There are 2,500 asylum seekers who continue to live in a tent camp in Matamoros. They were not expelled, but rather made to “remain in Mexico” for the course of their asylum process. Many, many people from the US have visited with them over the past year and a half. While these 2,500 displaced people are only a small part of the millions of people who have been forced to flee their homelands, what makes this Matamoros community special is that they are not strangers to us. They are friends who have trusted us with their stories, who invited us into their tents and into their lives.

For some of us, these were one-time encounters that lasted perhaps an hour or so; for others, the visits have been a daily part of their lives for months on end. However brief, the visit was powerful. For while the asylum community, like any other collection of human beings, suffers with its own foibles, it is also gifted with people who have learned to navigate a world of unseen terror, of uncertain futures, and of deep loss. Just standing in the same space with someone who lives through that can only inform our own lives.

In all of the conversations that I have had with people seeking asylum, a significant aspect of their survival mechanism was an unstinting trust that the people who populated a nation of law (as so many described the United States), having heard the circumstances that brought them to the southern border, would offer them and their families a safe place to live. No one was coming north to look for a free handout (which, in case you do not know this, does not exist). They were simply looking for a place where they could watch their children safely grow up.

Our nation’s heart has hardened, at least under the present leadership. The federal government has taken the law and twisted it and turned it to serve one purpose—that no one’s plea for asylum will be heard, at least in the foreseeable future. Indeed, if the expulsion program continues, we won’t even know that there are people knocking on our nation’s door, pleading for help.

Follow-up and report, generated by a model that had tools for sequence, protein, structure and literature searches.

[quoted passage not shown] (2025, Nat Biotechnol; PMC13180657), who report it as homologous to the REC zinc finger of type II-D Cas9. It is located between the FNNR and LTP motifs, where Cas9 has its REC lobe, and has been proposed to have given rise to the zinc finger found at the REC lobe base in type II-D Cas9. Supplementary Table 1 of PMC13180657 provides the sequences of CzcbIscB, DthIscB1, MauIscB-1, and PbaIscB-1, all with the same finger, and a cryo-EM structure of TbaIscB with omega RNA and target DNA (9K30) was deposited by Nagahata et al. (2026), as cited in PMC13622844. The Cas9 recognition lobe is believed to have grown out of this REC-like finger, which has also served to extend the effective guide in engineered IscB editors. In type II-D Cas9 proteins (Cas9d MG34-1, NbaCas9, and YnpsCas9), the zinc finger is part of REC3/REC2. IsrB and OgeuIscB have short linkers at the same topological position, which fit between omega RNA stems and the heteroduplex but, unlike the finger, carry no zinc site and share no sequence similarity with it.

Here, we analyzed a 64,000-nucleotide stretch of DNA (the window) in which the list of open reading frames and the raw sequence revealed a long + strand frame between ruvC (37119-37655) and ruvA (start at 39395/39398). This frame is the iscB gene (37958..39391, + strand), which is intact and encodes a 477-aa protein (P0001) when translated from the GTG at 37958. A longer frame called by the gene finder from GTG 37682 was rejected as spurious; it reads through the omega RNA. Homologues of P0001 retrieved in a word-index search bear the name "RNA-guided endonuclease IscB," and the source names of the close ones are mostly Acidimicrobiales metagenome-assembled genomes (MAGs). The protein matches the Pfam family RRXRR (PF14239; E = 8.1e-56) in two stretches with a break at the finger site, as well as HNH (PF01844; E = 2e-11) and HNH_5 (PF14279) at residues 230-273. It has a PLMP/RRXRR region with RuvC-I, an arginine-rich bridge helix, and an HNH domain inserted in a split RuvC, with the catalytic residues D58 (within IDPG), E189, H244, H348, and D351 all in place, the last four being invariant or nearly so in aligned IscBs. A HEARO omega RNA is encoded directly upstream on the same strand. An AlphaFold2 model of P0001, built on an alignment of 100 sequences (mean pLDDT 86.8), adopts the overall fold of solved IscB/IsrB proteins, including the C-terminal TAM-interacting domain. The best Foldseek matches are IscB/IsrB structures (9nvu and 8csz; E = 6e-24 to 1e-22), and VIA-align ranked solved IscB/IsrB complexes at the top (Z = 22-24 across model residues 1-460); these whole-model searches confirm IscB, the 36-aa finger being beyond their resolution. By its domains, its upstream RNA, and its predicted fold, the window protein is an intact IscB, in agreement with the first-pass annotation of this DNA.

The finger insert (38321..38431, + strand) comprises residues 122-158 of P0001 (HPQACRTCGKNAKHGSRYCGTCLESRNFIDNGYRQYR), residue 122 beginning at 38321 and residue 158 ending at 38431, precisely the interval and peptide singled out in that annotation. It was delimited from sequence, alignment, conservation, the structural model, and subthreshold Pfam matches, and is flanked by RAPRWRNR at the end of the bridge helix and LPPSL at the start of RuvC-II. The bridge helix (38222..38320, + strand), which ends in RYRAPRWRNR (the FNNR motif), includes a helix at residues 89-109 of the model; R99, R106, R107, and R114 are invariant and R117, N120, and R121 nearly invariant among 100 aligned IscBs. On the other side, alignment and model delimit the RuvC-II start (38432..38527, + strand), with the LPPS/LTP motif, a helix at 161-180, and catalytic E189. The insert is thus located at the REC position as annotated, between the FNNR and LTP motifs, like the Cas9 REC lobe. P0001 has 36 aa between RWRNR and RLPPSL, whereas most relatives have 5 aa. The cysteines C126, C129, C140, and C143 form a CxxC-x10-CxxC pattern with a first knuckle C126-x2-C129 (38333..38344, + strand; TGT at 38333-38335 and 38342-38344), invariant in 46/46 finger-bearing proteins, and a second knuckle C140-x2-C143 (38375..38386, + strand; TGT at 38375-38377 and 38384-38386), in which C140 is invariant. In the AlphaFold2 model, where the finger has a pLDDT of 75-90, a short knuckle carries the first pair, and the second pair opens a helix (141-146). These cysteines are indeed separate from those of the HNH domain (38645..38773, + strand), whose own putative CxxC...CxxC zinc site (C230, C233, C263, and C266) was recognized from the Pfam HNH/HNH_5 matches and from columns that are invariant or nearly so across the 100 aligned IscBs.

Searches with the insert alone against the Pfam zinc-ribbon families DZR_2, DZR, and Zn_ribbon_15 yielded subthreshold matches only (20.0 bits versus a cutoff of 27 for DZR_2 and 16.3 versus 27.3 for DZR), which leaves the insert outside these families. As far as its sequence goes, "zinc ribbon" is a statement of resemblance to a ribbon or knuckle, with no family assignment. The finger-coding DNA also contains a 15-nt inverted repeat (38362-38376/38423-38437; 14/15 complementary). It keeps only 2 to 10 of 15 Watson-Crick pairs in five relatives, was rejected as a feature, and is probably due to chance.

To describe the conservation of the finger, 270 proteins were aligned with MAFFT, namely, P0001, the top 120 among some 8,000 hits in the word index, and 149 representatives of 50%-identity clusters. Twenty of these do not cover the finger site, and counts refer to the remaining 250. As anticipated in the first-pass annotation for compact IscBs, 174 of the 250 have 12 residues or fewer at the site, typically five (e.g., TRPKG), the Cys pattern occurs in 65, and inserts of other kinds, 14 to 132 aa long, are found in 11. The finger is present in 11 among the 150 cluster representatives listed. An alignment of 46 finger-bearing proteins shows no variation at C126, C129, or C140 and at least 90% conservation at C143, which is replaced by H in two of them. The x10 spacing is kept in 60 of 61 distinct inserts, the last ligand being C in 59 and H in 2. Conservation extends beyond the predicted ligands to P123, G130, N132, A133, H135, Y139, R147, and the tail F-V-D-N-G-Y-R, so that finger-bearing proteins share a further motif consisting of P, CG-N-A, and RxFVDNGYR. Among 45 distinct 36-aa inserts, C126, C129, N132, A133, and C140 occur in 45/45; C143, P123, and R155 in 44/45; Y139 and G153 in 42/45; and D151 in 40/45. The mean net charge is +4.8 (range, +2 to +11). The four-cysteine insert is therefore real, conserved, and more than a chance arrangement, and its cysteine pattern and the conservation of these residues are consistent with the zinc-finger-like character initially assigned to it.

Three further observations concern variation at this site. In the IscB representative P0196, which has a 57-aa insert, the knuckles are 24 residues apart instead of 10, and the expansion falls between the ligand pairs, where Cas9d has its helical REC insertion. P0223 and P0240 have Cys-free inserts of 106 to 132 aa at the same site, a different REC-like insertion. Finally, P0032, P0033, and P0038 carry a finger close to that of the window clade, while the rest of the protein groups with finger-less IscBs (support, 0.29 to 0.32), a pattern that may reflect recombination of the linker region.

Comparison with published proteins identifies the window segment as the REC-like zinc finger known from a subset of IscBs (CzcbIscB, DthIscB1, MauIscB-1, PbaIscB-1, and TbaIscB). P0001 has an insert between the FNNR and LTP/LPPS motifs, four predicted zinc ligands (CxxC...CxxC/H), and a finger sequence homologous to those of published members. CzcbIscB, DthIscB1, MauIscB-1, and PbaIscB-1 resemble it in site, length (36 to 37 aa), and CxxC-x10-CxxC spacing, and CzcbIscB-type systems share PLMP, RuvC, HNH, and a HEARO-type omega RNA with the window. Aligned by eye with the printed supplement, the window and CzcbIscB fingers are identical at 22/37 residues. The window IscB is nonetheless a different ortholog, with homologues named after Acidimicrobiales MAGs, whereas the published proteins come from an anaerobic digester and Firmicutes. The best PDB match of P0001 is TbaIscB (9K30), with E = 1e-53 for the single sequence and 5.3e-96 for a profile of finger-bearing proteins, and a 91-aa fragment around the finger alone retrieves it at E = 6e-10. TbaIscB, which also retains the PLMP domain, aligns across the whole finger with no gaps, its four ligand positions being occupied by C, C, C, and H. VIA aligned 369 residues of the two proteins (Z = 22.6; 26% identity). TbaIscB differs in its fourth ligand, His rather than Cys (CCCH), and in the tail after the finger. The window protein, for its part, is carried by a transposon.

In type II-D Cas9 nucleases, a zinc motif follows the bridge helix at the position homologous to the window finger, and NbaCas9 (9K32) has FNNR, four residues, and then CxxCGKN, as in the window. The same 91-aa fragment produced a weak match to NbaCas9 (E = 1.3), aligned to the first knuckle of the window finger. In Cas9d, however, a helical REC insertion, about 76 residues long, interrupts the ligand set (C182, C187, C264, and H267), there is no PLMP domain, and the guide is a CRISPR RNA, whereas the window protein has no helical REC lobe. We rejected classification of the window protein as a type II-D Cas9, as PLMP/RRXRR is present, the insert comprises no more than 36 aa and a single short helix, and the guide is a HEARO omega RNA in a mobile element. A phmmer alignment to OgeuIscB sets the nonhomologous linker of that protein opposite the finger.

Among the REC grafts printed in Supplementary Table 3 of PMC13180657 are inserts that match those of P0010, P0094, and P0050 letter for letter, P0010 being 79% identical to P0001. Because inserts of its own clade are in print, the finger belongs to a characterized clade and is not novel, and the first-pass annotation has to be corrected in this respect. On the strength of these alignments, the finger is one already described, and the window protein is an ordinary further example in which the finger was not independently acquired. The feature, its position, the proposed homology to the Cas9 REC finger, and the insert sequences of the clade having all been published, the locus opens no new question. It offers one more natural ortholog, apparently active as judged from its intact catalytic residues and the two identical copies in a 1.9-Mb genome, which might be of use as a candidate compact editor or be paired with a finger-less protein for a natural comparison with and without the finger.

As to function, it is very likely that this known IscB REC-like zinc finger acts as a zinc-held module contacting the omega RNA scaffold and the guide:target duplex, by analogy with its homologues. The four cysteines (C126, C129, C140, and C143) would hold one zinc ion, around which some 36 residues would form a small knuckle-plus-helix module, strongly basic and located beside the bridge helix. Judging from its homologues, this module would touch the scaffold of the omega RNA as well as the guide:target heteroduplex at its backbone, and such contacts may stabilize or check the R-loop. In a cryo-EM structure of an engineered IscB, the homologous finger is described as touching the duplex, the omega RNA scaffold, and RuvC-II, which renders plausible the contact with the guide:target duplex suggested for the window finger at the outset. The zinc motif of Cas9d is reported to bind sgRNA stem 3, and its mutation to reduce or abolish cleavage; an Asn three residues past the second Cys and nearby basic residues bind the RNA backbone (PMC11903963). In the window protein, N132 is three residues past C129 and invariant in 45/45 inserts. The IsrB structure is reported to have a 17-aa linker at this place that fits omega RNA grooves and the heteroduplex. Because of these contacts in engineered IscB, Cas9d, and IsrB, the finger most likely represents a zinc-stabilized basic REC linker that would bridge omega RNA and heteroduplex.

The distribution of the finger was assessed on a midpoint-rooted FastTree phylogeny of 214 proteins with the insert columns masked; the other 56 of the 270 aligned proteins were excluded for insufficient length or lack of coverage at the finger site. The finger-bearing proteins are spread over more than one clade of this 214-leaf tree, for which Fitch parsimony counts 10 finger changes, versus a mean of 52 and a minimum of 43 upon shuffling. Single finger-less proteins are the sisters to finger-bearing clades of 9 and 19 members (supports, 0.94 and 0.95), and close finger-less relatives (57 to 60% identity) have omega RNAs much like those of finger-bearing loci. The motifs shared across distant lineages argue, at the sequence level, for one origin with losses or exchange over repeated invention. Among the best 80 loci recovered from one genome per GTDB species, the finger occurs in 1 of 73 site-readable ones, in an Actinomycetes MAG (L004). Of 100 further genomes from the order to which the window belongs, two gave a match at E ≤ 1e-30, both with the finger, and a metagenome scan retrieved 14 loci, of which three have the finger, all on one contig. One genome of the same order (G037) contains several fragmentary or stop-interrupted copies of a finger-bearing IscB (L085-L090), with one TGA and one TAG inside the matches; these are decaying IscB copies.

Citing public health concerns covers a multitude of sins, but even as the hounds of plague, and, then, probably, famine, nip at our collective global heels, the plight of this community of people should not be allowed to fade from the public’s attention. In my own Jewish/Christian tradition, neither epidemics nor wars nor any calamity removed the obligation to care for the stranger. Indeed, in our traditions, the practice of hospitality is considered a blessing more for those who offer it than for those who receive it. Likewise, dire curses are attached to those who fail to honor this obligation. Our nation’s new practice of expelling the stranger, without the slightest regard for their well being seems to fall in line with the curses (Exodus 22:21–24, for just one sample).

At the end of one of the phone calls that I had last week, a woman asked me “If my family and I cross the Rio Grande, and this time avoid the border patrol and make it to my grandfather’s place in the United States, will the first time that I got caught affect my (asylum) case?”

Her desperation was heart breaking. I told her that I didn’t know about asylum law. I did know biblical law, though, and so told her, “Well, if you make it to Brownsville, your family is welcomed to stay with us.”

She thanked me, graciously, saying, as is the custom, “Que Dios te bendiga.”